105 Peavey Rd, Ste 116
Chaska, MN 646-0646

Come to the Review of Draft Standards

October 28, 2003

The public hearings are over and the next stage of the development of new standards begins. This Saturday, November 1st, the Social Studies Committee will re-assemble to review the pages and pages of public testimony they have received. The Science Committee will re-assemble on Saturday, November 8th.

The meeting is open to the public. Please come:
8:30 a.m. to 4:30 p.m.
Department of Education , Conference Center
Roseville, MN
651-582-8734 for directions

Let them know you care about the standards.

See reports and commentary on the public meetings.

Today's quote is from Claudia Peppey, a Mpls.Teacher:
"As a first grade teacher and a parent I am very disturbed by the proposed standards. I fail to understand the importance of knowing who William Bradford and Squanot are for a first grader much less an adult. . Teaching in a mulicultural environment makes me very aware of how important it is to include all cultures and traditions in our curriculum. If I am forced to teach about the pilgrims I will not." (Spelling and punctuation errors are as written). Well, so much for teaching about America's heritage, as far as Ms. Peppey is concerned.

When the public spoke out, those independent of the education establishment, they were appreciative of the knowledge-based standards. They thanked the committee for focusing on the basic principles upon which our country is based. The Social Studies standards are not without their problems. There are very many improvements and modifications that must be made to the draft standards to make them good. Hopefully, the committees will make positive changes.

However, the acidity from educators toward our country and toward a commitment to pass on the principles of liberty to the next generation was often described by the critics as "biased" and "conservative." Our hope is that teachers would teach children that patriotism transcends political labels. Many teachers quietly disagreed with their vocal anti-American colleagues but were afraid to speak out publicly.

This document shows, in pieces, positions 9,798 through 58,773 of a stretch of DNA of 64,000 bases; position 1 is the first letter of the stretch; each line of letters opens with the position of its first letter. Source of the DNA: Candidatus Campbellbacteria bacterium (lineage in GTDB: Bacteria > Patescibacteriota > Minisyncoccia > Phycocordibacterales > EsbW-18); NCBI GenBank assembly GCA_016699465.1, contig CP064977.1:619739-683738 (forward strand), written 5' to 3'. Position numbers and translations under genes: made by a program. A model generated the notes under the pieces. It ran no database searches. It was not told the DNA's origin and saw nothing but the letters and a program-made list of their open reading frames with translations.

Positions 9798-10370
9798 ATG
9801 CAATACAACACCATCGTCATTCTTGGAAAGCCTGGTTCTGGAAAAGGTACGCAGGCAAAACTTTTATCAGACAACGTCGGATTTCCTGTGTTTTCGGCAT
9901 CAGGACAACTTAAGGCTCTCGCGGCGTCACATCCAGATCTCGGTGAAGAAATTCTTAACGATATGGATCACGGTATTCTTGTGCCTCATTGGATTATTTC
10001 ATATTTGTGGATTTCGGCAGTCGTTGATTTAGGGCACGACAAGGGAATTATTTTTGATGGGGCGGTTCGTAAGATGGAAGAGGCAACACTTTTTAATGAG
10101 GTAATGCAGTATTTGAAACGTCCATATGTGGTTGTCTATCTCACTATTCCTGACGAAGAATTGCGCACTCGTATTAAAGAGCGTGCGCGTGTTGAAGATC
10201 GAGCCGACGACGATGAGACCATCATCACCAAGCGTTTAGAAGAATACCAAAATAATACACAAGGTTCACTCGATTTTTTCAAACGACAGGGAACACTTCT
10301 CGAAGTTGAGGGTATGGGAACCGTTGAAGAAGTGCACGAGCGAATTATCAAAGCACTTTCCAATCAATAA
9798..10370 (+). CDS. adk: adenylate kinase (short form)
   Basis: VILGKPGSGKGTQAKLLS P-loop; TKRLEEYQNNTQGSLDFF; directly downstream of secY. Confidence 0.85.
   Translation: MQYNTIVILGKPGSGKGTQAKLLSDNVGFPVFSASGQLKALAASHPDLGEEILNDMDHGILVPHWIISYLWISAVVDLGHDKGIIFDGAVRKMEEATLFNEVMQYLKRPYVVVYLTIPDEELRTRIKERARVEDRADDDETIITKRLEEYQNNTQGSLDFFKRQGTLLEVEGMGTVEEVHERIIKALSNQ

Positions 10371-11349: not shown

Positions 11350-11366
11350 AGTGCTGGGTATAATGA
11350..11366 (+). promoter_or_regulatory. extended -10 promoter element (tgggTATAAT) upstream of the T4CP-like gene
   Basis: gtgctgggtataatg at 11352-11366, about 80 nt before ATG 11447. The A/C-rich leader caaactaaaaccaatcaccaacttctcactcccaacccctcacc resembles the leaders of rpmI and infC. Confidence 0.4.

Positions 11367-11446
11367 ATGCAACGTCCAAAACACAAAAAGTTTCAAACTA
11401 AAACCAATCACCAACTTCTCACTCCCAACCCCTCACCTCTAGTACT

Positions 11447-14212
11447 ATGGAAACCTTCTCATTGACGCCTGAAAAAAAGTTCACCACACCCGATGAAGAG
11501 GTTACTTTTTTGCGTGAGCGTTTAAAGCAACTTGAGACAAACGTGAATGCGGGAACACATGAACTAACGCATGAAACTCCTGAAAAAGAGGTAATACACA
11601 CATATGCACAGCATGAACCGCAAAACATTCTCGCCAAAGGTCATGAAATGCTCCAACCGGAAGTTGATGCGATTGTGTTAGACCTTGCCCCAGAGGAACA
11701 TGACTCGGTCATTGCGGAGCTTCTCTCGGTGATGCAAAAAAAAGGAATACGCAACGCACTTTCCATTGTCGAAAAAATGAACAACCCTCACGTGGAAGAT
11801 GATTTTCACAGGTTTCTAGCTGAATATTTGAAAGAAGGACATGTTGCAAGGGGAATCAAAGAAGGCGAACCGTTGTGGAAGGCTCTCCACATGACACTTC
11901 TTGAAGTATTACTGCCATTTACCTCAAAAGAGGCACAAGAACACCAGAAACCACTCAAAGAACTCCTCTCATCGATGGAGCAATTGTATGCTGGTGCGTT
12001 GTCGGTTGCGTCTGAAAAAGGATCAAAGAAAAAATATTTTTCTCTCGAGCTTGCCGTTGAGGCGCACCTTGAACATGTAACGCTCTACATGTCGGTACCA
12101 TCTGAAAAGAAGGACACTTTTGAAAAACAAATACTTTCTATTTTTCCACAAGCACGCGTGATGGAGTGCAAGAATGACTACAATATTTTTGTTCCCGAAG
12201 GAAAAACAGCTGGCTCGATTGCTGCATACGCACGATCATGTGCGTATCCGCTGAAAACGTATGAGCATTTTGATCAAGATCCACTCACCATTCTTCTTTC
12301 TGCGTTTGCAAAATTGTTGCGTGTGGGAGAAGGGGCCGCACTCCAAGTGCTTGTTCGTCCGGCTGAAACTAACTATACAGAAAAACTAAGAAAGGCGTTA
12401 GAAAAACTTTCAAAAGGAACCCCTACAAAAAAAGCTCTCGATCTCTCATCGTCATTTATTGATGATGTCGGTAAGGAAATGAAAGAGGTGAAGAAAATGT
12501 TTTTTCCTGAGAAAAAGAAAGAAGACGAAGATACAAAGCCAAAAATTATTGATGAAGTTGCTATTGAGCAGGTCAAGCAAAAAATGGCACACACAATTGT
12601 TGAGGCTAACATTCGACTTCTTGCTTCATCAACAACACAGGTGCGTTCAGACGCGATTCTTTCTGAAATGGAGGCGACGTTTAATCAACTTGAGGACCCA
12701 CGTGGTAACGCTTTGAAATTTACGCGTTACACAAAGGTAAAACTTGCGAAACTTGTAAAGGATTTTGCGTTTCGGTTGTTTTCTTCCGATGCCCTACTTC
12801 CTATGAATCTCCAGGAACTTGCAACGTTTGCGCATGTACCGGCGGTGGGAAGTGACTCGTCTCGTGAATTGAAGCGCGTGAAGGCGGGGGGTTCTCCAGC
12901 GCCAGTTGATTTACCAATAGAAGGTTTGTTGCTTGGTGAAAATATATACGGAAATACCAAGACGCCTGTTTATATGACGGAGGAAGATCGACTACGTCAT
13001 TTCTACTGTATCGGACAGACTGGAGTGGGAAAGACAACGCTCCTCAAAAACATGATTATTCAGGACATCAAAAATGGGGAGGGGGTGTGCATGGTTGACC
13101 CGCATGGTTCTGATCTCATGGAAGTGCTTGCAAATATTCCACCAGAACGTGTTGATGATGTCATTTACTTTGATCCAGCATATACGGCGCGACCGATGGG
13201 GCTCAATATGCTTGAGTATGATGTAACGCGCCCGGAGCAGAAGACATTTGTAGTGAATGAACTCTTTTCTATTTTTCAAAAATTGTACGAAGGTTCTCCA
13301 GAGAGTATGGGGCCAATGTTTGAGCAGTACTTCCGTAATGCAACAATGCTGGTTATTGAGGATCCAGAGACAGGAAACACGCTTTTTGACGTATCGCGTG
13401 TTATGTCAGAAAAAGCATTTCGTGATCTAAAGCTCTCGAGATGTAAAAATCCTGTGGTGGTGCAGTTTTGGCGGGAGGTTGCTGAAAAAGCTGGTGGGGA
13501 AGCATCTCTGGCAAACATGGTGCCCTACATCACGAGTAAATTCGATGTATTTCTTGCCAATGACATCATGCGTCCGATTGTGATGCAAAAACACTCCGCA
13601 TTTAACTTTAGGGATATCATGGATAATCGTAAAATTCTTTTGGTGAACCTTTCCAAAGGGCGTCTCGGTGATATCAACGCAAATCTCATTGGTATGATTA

A few examples of the "vocal bully" comments were:
"I see a clear, strong conservative bias and propagandistic tone in much of the social studies standard. The multiple references to patriotism, flags, national anthems and God are the clearest examples. It is one thing to learn to understand and defend the democratic and egalitarian values of America, and of many other nations that value democracy and egalitarianism. It is another thing to teach our children to mouth platitudes about how great America is. To the degree these values still live in our country, they owe far more to a humanitarian spirit of rebellion and dissent than to the dubious virtues of patriotism and love of God."

"Many of the capitalistic threads in the document are just as biased."

"It appears that some members of the committee have an agenda to infuse the new standards with the Core Curriculum. I strongly urge the committee to reevaluate the history standards and look beyond the Core Curriculum for identifying history standards. The National History Standards and the National Social Studies Standards both provide age appropriate standards which do not support any one curriculum approach such as the Core Curriculum. These should also be examined in developing history standards and benchmarks. I am quite troubled that the standards would only reflect one approach to studying history."

The irony of this is that the National Standards are the highly politicized curriculum. They are what the Profile of Learning was based on. They are what the public rejected. In fact, in 1995, the National History Standards were rejected on a vote of 99-1 on the floor of the U.S. Senate for presenting a biased, distorted inaccurate view of our country. Yet these are the same standards that are being used today, with only some of the examples removed.

Thank you to all who showed up at the public hearings and who submitted testimony. Stay tuned. The battle is still ahead to determine whether the Profile of Learning is actually repealed, or whether it will simply be given a new title. Rest assured, we will let you know.


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